Yeah, but how is that America's fault. We're exceptional.
 
ecl
2014-08-02 10:50:26 AM  

Archie Goodwin: The Khmer delved too greedily and too deep.


They awoke the Vietnamese...
 
2014-08-02 10:57:18 AM  

Dr.Mxyzptlk.: blacksho89: You must be mistaken. I am assured that war and mass murder is always the fault of organized religion. Perhaps you should fact-check your sources.

Perhaps it was the influence of Cambodian Tea Party. Or the fear of brown people AKA Moooslims.
I am told this is the cause of 99.99% of all historical conflicts and global warming.


You mean people that strongly believe in ancient religions, distrust modern science, fear/hate those that are different than themselves, and believe their views need to be forced on others?
 
2014-08-02 11:15:27 AM  

Deathfrogg: Resident Muslim: SpeedyBB: And just in case, for those innocent readers who may have ignored history, or for those who may neglect to remember, on behalf of all the dead, we wish to send a big

THANK YOU HENRY KISSINGER

Are we still talking about Cambodia?

Henry Kissinger ordered the "secret bombings" in Cambodia that destroyed their economy and the Cambodian Government collapsed under the pressure. The Khmer Rouge were there to fill the power vacuum that resulted, and their entire program was based on ridding Cambodia of everything that could be remotely construed as being western influenced. That meant anyone who could read or write, anyone that wore eyeglasses, anyone that could speak a foreign language. Doctors, mathematicians, writers, poets, artists, local politicians and administrators etc. Anyone with education.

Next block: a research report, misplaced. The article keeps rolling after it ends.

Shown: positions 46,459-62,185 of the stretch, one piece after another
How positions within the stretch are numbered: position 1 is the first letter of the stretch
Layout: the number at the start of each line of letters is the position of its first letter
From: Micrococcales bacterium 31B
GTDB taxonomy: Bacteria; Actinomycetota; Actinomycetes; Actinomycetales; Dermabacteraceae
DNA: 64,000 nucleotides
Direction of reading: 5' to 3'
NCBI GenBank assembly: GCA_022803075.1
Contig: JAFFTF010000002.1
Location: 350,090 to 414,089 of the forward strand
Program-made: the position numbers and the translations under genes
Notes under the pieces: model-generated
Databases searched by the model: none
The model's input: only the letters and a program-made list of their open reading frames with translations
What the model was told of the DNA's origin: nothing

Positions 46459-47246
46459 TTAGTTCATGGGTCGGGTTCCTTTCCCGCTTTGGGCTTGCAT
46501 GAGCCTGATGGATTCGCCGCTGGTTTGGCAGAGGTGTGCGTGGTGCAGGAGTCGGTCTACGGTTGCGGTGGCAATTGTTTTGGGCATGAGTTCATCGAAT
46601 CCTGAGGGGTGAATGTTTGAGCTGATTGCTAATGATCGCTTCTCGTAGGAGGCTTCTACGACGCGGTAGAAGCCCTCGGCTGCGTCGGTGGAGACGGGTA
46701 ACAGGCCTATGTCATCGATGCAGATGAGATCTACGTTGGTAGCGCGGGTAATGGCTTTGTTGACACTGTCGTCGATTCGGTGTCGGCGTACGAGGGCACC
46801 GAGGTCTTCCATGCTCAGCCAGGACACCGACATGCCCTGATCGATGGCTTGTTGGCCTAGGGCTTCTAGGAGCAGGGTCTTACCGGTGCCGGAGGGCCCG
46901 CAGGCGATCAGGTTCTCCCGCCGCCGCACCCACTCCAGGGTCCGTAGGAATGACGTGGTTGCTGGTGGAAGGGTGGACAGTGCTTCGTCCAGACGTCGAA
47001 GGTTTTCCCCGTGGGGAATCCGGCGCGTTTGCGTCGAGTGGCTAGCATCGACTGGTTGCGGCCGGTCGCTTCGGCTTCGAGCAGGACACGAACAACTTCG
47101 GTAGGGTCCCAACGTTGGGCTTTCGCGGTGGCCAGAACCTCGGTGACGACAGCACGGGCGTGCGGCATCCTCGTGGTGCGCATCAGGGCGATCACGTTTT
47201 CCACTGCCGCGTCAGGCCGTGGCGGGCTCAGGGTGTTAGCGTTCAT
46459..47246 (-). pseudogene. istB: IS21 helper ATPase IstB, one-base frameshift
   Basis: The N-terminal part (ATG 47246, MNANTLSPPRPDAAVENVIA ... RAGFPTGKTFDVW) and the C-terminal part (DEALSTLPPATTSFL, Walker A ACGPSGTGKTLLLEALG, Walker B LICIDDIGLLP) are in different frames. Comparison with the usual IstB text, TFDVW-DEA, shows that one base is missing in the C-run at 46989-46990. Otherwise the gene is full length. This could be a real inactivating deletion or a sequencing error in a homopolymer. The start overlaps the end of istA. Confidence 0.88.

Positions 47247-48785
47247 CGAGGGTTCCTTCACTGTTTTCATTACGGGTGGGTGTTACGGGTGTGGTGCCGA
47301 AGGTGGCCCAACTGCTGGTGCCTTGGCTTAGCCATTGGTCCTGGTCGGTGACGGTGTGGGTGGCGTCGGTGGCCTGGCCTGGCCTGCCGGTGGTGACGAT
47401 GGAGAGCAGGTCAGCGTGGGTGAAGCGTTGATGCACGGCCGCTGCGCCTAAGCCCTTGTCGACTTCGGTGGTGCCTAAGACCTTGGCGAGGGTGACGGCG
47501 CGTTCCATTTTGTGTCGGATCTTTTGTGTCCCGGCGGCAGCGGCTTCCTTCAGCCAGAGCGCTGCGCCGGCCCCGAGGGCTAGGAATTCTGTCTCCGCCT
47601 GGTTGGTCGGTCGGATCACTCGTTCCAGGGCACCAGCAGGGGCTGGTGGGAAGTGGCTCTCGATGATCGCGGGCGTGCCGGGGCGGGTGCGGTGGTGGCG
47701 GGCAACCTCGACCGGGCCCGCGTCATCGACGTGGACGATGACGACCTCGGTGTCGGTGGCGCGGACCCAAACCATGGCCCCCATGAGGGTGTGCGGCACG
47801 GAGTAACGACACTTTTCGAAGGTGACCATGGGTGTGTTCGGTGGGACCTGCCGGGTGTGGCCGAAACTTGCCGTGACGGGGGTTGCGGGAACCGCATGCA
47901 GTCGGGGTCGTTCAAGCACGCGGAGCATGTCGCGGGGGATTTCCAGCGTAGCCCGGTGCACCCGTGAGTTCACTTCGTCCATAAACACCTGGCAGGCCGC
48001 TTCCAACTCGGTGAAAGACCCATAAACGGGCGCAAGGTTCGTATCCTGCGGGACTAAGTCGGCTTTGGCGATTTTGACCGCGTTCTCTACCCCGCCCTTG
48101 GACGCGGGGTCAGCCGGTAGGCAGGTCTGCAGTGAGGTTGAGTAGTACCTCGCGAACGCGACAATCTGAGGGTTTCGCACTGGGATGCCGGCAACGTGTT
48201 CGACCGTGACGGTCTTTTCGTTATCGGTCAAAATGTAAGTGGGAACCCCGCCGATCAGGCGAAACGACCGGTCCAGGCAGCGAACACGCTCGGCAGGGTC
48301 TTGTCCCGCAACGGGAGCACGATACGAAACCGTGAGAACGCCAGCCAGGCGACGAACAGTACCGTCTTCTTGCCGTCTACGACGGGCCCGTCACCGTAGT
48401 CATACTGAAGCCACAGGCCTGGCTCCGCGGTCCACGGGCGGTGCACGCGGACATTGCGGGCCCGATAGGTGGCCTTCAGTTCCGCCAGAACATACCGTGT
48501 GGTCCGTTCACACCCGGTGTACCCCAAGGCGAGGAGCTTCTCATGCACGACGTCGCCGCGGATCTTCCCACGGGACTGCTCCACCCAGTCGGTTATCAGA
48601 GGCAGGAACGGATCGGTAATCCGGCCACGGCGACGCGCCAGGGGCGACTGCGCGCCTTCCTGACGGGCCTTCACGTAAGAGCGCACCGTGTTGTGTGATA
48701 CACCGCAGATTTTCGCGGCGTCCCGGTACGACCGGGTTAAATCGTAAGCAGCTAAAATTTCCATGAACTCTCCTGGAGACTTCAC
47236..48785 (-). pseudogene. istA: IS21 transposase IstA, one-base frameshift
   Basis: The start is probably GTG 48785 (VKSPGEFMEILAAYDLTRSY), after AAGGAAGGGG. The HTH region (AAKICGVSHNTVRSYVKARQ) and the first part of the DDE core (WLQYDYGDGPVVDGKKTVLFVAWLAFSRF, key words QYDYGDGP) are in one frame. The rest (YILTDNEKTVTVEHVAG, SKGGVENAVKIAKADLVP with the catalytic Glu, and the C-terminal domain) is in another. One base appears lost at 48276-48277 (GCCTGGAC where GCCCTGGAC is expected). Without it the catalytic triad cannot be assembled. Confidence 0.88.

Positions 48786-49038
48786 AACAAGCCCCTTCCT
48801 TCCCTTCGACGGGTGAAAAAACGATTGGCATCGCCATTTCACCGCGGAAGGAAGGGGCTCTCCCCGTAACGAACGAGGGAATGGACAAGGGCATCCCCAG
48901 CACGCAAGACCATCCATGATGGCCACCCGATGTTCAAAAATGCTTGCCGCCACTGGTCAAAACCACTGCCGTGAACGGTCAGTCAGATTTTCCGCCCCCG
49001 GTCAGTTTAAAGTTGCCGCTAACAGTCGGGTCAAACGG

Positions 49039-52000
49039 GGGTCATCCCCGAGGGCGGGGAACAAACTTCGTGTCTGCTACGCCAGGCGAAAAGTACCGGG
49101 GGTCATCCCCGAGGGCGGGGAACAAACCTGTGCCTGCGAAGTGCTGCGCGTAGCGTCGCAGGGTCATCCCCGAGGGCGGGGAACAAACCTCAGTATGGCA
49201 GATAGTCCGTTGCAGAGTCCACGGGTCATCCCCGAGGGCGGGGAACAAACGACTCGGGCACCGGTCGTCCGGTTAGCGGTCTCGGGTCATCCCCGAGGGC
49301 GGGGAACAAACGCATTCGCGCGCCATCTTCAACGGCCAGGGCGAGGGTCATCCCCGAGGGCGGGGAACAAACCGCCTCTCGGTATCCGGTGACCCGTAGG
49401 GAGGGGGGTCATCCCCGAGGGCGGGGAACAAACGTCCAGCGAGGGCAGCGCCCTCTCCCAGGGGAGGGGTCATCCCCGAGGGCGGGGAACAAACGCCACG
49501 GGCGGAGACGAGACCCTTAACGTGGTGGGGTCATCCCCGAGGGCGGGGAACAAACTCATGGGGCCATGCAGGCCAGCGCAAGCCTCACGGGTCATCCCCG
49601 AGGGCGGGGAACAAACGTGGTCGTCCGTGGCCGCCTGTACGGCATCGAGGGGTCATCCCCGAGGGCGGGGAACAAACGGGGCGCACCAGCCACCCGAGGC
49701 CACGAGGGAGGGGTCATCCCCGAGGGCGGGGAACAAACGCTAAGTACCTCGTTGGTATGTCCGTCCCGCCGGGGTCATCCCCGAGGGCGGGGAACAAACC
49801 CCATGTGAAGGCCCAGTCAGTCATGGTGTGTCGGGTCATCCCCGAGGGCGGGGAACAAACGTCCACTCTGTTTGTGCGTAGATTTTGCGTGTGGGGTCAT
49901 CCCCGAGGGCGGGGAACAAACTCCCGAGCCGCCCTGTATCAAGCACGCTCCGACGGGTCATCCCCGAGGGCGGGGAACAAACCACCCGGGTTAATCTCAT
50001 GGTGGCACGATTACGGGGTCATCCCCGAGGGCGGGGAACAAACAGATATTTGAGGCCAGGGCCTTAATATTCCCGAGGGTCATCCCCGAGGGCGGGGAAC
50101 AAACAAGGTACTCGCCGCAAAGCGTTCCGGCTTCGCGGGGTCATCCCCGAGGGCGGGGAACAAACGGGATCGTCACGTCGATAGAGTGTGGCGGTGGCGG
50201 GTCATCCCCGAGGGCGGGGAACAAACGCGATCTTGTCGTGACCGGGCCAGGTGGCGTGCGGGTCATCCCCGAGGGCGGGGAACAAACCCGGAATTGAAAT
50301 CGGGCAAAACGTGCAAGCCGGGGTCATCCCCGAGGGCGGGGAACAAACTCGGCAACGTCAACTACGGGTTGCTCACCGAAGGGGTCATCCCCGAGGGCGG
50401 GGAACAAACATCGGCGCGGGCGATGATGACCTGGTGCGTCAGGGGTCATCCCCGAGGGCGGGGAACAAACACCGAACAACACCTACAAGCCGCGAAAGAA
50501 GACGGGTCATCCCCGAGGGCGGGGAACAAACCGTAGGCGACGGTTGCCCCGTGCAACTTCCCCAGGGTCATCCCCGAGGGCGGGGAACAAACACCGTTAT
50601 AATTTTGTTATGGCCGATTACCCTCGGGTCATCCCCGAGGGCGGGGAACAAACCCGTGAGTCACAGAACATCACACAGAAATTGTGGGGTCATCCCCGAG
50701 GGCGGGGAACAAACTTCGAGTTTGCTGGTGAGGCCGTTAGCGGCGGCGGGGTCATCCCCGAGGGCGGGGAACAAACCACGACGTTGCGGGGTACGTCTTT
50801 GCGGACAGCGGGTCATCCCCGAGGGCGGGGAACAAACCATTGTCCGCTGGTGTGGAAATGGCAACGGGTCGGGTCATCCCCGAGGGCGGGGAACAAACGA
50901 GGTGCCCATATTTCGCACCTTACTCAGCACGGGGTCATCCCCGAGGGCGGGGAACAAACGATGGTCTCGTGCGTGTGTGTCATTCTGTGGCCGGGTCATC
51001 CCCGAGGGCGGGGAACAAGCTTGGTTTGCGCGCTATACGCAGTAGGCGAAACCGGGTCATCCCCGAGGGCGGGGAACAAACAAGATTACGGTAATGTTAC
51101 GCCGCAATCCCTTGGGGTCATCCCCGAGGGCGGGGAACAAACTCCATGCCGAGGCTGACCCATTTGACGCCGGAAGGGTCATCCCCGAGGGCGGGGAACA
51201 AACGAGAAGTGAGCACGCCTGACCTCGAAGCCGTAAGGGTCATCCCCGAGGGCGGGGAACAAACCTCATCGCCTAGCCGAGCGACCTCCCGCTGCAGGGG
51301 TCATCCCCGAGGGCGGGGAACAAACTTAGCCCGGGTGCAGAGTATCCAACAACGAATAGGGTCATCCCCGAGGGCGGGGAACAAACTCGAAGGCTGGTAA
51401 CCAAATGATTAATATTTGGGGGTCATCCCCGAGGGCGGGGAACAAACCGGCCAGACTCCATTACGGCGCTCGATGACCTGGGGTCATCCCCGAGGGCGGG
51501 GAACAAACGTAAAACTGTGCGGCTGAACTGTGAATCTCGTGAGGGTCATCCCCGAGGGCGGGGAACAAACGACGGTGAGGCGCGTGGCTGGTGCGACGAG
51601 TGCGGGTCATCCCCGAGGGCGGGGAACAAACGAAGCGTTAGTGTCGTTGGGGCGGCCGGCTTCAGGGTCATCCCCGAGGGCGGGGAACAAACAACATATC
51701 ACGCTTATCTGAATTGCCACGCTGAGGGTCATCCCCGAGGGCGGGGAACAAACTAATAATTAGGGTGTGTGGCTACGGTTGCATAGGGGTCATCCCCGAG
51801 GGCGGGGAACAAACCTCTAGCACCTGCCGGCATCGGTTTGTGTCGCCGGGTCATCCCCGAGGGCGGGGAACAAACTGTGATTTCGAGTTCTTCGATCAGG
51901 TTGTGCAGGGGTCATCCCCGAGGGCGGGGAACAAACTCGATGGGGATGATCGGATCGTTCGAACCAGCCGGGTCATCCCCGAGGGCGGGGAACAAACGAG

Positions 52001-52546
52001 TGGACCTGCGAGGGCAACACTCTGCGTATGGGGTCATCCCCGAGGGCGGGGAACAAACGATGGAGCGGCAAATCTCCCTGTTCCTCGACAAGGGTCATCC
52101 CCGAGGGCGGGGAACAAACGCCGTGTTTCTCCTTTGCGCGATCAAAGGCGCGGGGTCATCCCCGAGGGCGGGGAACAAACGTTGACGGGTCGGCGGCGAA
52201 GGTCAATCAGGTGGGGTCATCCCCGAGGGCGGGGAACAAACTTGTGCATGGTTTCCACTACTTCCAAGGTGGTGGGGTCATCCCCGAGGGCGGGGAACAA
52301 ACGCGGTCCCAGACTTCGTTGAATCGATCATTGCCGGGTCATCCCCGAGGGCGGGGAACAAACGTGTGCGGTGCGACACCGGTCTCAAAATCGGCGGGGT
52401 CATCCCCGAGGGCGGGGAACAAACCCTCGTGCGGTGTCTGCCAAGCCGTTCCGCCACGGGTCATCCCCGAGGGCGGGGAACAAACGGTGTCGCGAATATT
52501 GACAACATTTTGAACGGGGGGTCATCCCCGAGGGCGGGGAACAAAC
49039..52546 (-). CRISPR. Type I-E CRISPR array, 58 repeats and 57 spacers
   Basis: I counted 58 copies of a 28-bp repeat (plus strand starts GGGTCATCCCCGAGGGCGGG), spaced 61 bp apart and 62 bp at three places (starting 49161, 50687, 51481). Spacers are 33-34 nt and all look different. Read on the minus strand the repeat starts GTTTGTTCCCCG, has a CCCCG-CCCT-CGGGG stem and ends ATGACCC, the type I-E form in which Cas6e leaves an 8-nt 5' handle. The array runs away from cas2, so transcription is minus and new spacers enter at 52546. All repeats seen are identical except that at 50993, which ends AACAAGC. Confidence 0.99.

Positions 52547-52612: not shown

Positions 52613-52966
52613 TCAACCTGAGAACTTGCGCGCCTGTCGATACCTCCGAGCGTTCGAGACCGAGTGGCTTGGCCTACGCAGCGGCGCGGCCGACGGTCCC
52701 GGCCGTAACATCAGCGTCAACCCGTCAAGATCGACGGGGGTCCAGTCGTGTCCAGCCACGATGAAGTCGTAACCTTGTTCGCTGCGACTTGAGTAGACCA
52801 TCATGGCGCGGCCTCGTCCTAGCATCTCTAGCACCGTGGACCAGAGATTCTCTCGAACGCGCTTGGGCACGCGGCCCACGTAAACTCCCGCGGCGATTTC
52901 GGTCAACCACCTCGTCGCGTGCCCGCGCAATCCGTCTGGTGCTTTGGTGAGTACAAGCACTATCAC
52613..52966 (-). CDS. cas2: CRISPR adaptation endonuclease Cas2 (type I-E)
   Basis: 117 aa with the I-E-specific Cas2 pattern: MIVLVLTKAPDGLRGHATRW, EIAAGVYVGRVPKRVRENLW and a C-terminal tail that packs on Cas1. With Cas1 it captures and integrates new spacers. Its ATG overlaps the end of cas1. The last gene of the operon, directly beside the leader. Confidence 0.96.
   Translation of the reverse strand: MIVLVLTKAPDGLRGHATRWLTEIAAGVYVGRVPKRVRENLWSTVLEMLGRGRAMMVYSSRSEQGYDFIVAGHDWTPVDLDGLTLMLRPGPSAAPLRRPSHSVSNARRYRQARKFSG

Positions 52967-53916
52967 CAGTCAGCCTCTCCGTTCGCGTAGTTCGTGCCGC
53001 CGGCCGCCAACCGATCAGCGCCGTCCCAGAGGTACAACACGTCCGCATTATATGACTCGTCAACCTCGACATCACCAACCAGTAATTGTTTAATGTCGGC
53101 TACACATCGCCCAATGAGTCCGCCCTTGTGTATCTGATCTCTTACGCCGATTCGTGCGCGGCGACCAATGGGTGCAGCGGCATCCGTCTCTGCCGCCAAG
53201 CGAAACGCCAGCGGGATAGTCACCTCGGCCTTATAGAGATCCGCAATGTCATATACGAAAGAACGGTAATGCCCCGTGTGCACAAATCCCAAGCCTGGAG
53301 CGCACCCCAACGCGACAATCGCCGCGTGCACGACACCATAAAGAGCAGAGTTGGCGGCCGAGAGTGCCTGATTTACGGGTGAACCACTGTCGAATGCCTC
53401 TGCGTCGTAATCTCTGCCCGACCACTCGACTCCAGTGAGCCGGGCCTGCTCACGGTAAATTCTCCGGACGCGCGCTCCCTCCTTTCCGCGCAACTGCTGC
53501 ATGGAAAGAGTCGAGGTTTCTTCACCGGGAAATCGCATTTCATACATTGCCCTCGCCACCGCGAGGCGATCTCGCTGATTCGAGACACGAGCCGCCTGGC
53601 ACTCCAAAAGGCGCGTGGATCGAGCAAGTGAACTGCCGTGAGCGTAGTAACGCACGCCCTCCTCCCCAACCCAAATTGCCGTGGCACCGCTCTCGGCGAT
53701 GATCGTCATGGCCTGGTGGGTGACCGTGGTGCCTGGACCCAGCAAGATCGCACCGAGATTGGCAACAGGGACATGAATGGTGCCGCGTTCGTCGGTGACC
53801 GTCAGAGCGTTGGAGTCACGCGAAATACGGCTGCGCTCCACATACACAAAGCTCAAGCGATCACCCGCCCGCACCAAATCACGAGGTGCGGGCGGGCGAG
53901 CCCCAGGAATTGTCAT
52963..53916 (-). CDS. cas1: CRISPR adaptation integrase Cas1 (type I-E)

Literally anyone who had their lives somehow influenced by "western values" was either exterminated or forced to labor on farms with their bare hands. Pol Pot spoke repeatedly of his intention to teach the Cambodian people a harsh lesson and to force them to become a single people under a united central government, even if he had to systematically butcher half the population to do it.

Henry Kissinger and the Nixon Administration did a lot to cause it with their destruction of the primary trading routes Cambodia had with Laos, Thailand and Vietnam, then withdrawing support from the King and then pushing him out when he protested his Nation being bombed when they were not even fighting a war. Sihanouk was forced out by the direct action of the Nixon Administration after he protested to the United Nations about his people being bombed out of their villages by American aircraft.


It probably didn't help that North Vietnam was arming the Khmer Rouge and then invaded Cambodia and gave them a direct hand.
 
2014-08-02 11:15:36 AM  

UsikFark: The streets got so much soul.


Where you'll do what you're told
 
2014-08-02 11:15:40 AM  

squeeby: .I was spat towards and yelled at by the Vietnamese for visiting.


And I naively thought Vietnam had gotten over it and were friends with us now.  I guess it takes a long time to heal wounds from a war that I don't even fully comprehend why we fought in the first place.  That must have been a little uncomfortable.